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Posted by
Thad Cardine

Does a buyer have any recourse if an appraisal doesn't seem accurate? In our case, we're afraid it will be too high.

The seller has agreed to reduce contract price to the appraised value. We agreed to the contract because thought the asking price was high. Now we're afraid the appraiser will be influenced by the asking price on the contract. He will be unaware of the special circumstance. If we feel the appraisal comes back too high, do we have any recourse? Is it ok that they know that we have this agreement?

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Does a buyer have any recourse if an appraisal doesn't seem accurate? In our case, we're afraid it will be too high.

By Thad Cardine   
Posted on Jun 04, 2018 in Topic: Home Buying
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The seller has agreed to reduce contract price to the appraised value. We agreed to the contract because thought the asking price was high. Now we're afraid the appraiser will be influenced by the asking price on the contract. He will be unaware of the special circumstance. If we feel the appraisal comes back too high, do we have any recourse? Is it ok that they know that we have this agreement?
Status: Open
Viewed: 1090
Asked by: Consumer
Posted: 6 months ago
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Silver
Yvonne Chauvin
about 5 months ago
Hi Thad,

In order to properly answer your question, we would need more details- are you working with a Realtor, have you signed 1-4 Family Contract to purchase the property?

If the answer is yes, then your price has been agreed upon on the 1-4 Family contract. A higher appraisal will not affect your contractual purchase price (paragraph 3 C.).

Your Realtor will be able to answer any questions you may have in regards to your transaction.
Thank you,

Yvonne Chauvin Realtor
Better Homes and Gardens Gary Greene
281-686-0143
yvonnechauvin@yvonnechauvin.com


about 5 months ago
Bronze
Anna DeMoss
about 5 months ago
An appraisal outcome should not be influenced by a contract price, but rather the market's reaction to the particulars of the subject (house in question). While the appraiser is provided the contract and, as part of the appraisal process, must analyze the contract, the appraiser's focus should never be to raise or lower an opinion of value to meet the contract price or be influenced by the contract. Appraised value is based on closed sales, not contract prices or active or pending listings.
AnnA DeMoss, AnnA DeMoss Appraisals


about 5 months ago
Platinum
Ryan Kohn
about 5 months ago
Appraisers are used by the lender to ensure the value of the home is substantial enough to cover their risk in the event of default. Appraisers are unbiased 3rd party with no obligation to buyers, sellers or lenders. You should not attempt to influence their opinion, as it will be a valuation of current market value at the time. This is only market value, it should have no bearing on what the home is worth to you (represented in your offer). With that said, if you hire 3 different appraisers, you will most likely come up with 3 different values.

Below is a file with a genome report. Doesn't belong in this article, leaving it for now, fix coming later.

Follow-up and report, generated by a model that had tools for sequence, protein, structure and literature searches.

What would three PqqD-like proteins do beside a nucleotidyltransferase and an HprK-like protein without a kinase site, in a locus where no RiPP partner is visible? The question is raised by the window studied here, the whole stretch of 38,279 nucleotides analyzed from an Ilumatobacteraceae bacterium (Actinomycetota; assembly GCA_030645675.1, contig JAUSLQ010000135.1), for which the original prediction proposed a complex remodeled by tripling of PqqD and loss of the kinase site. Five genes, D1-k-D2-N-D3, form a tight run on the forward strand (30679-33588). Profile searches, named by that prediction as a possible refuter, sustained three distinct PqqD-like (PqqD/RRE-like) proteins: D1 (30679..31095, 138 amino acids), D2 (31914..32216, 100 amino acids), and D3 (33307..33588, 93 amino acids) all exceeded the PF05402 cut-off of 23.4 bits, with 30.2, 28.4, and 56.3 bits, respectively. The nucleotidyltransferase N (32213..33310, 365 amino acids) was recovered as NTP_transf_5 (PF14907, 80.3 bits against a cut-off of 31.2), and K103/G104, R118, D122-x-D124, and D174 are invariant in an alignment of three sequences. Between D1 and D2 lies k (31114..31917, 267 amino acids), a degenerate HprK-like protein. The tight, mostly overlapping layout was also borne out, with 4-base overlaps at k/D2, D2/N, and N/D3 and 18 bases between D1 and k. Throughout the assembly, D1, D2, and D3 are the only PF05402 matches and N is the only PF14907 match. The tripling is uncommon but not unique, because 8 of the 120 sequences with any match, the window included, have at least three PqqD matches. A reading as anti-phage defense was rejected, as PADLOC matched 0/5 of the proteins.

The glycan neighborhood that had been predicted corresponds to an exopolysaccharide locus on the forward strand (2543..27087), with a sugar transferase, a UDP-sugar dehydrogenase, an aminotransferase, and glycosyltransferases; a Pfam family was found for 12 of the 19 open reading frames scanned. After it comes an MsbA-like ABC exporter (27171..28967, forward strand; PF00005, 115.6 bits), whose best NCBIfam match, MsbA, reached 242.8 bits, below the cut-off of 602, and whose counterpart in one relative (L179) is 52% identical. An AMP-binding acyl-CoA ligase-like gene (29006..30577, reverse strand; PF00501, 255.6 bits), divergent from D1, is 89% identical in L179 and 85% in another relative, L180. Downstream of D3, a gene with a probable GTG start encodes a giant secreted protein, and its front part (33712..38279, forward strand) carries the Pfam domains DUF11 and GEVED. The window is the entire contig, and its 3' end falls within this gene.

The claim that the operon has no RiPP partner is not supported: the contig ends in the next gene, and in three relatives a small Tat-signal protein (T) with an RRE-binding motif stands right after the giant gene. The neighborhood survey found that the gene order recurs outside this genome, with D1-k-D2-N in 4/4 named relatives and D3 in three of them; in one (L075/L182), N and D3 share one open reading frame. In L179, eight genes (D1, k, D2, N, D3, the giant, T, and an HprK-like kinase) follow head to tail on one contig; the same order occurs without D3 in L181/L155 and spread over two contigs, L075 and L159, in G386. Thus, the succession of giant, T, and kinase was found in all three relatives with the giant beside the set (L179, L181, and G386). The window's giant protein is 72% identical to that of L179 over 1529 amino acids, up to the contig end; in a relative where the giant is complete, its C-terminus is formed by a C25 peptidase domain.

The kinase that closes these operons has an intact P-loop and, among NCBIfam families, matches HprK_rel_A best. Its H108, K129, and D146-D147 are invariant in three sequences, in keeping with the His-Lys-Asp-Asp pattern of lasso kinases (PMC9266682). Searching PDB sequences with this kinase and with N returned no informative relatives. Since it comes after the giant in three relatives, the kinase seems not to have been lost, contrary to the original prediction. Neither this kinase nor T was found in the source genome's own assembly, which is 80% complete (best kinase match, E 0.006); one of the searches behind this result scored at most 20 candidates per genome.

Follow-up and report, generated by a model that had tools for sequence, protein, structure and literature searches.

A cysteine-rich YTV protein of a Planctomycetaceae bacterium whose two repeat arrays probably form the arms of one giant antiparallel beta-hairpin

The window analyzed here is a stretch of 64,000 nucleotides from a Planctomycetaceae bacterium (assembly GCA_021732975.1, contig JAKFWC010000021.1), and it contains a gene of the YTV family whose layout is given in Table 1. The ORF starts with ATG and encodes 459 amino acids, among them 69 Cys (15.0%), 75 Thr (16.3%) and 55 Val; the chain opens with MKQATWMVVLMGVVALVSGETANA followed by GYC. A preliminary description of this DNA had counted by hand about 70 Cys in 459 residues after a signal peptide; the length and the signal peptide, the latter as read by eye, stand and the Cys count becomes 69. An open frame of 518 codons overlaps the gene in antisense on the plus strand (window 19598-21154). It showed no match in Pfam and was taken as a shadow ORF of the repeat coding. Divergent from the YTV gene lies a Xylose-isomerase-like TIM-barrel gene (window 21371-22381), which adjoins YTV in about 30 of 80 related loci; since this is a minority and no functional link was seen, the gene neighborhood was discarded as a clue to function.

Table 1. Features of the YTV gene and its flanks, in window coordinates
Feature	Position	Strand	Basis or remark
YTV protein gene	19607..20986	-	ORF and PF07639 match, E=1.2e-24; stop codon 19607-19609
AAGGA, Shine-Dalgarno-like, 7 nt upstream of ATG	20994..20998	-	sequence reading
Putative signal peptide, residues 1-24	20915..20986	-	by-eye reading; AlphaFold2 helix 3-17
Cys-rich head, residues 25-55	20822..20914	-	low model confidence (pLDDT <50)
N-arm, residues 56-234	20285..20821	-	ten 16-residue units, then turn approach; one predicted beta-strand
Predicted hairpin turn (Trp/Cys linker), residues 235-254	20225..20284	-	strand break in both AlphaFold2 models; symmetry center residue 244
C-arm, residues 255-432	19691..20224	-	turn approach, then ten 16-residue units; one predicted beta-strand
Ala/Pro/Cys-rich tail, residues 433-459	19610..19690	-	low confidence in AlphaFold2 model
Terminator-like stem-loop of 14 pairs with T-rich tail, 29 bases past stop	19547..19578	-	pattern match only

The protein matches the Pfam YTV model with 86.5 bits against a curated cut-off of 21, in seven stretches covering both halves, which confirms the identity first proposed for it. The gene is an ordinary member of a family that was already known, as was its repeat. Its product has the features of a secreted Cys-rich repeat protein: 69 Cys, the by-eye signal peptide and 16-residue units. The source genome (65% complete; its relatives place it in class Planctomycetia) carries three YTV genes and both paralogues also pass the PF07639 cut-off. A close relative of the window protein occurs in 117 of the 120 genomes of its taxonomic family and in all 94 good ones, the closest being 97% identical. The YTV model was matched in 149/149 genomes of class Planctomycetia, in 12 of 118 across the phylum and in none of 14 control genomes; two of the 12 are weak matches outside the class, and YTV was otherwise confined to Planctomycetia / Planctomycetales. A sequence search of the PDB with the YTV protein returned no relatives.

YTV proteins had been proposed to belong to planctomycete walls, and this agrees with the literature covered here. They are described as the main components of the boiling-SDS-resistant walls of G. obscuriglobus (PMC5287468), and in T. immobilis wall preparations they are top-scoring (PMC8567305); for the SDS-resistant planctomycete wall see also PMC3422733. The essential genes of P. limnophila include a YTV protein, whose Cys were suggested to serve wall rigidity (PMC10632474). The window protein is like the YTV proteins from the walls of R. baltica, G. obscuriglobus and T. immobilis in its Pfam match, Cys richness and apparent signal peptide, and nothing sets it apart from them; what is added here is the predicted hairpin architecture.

If your agent knew you were uncomfortable with the purchase price, they should not have advised you to place the offer. Betting that the home will appraise for less than the offer is a Gamble in any scenario, no matter what. If you have time left in your option period, you should address the issue by reducing the offer price, or cut your losses and pull out if you can not afford the home at the price you offered.


about 5 months ago
Diamond
Darby Grimmett
about 5 months ago
Hi Thad,

I actually own a local, residential appraisal company as well as my real estate sales business. While the response to this question is way more in depth that this forum will allow me to type, I can highlight a few things.

1) Appraisals are based on closed, comparable sales. Appraisers make adjustments for differences between properties in order to determine an adjusted list price - this goes beyond "price per square foot" as price per square foot literally only considers the price and square footage and not the differences between properties (size, lot, lot location, pool, upgrades, etc).

2) The appraisal is an unbiased opinion of value based on these closed sales. In other words, the appraiser doesn't care what the contract price is or what the list price of the house is. If you were to get 5 different appraisals I can bet you'd get 5 different opinions of value.

3) If you felt the home wasn't worth what it was listed at or what was offered I would not have moved forward with the offer. However, I would trust you are working with a competent REALTOR who knows how to comp properties and advise on an offer based on the market.

4) If your appraisal comes in higher than your offer price, I'd be happy - you got a deal on the house that is below market. Unless the house is way under valued, chances are the appraised value isn't going to be that far off the actual contract price (it may be right at purchase price, a couple thousand over). Of course an appraisal can come up short as well but I'm speaking only to the higher value since that's what your post referenced. Note - the Seller should NOT have a copy of your appraisal, only you should.

Hope this helps!

Darby Grimmett
Keller Williams Realty
936-827-9217
darby@darbygrimmett.com


about 5 months ago
Disclaimer: Answers provided are just opinions and should not be accepted as advice.
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